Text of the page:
Click for the student learning guide that accompanies this module.

1. Introduction

In the last two tutorials, which focused on the carbon cycle and the nitrogen cycle, we saw how carbon and nitrogen atoms move through ecosystems in various pathways in a never-ending cycle. Now, let’s look in more detail at some of the organisms that make up these pathways.

2. Getting Matter and Energy

Ecologically, plants are producers and autotrophs

Almost every ecosystem on our planet is powered by light energy from the sun. Through photosynthesis, plants convert light energy into chemical energy, primarily in the form of carbohydrates. The ability of plants to produce chemical energy makes them ecological producers. Producers are also called autotrophs. Autotroph means “self-feeder,” which is exactly what plants do: they feed themselves by making their own food through photosynthesis. Here’s the equation for photosynthesis:

6CO2 + 6H2O + light energy ? C6H12O6 + 6O2

An ecosystem could consist entirely and solely of plants and decomposers (the bacteria and fungi that break down dead organisms and return make their atoms available for recycling in biogeochemical cycles). But commonly there’s a level of animals who eat the plants. Several terms are used to refer to these plant-eaters. These animals are primary consumers (because they’re the first in a chain of animals that consume the matter and energy that’s been produced by plants). They’re also referred to as herbivores (“herb” is Latin for plant; “vore” is the same root that’s in the word “devour”). Finally, any organism that doesn’t make its own food is called a heterotroph. All consumers/heterotrophs get their energy from the carbohydrates produced by plants, and release that energy through cellular respiration: C6H12O6 + 6O2 ?  energy(ATP) + 6CO2 + 6H2O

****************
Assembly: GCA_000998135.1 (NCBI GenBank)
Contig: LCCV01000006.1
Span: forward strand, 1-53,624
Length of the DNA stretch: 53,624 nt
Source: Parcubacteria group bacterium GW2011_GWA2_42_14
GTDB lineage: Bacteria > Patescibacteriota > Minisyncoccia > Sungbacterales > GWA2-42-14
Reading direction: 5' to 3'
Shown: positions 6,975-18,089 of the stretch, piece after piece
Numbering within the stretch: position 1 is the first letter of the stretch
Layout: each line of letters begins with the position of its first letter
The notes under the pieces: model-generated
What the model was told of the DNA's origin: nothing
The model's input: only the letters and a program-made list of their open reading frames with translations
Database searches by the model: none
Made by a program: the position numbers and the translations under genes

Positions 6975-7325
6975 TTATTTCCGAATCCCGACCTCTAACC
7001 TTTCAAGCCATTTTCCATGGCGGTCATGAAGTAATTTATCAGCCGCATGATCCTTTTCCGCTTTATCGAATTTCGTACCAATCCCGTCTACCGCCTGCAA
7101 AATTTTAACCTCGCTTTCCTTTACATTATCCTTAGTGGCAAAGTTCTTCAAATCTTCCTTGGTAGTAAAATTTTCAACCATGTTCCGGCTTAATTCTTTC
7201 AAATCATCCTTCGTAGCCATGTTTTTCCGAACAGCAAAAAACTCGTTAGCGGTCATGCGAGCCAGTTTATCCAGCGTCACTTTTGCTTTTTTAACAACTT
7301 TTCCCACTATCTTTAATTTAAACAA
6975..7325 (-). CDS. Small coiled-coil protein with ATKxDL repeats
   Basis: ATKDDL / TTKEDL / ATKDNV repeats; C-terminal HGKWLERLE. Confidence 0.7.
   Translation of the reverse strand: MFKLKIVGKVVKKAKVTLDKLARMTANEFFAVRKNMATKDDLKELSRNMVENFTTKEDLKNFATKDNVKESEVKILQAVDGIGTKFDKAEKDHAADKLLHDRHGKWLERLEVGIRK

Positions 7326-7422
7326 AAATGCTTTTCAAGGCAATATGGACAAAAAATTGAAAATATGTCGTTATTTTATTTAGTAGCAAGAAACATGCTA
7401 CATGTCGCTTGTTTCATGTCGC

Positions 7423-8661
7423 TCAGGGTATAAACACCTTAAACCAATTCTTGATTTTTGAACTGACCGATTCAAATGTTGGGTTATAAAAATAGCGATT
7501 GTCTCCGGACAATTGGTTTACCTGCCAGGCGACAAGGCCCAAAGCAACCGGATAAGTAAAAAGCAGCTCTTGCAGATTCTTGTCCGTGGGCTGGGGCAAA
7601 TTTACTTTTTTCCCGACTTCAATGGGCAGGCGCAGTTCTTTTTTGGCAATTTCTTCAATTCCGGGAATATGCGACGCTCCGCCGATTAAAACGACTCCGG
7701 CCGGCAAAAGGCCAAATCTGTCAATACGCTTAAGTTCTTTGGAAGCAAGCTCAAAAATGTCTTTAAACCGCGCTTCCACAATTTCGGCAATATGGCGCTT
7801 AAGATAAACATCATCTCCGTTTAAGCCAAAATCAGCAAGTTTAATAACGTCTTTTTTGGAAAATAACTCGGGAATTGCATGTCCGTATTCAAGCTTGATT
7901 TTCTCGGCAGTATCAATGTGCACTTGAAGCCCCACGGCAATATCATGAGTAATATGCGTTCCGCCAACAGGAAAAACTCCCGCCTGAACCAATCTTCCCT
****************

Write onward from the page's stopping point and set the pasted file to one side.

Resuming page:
Four primary consumers, or herbivores. Clockwise from top left: cow, grasshopper, garden snail, earthworm

Carnivores, or secondary consumers eat the primary consumers. The term “predator” is mostly synonymous with carnivore.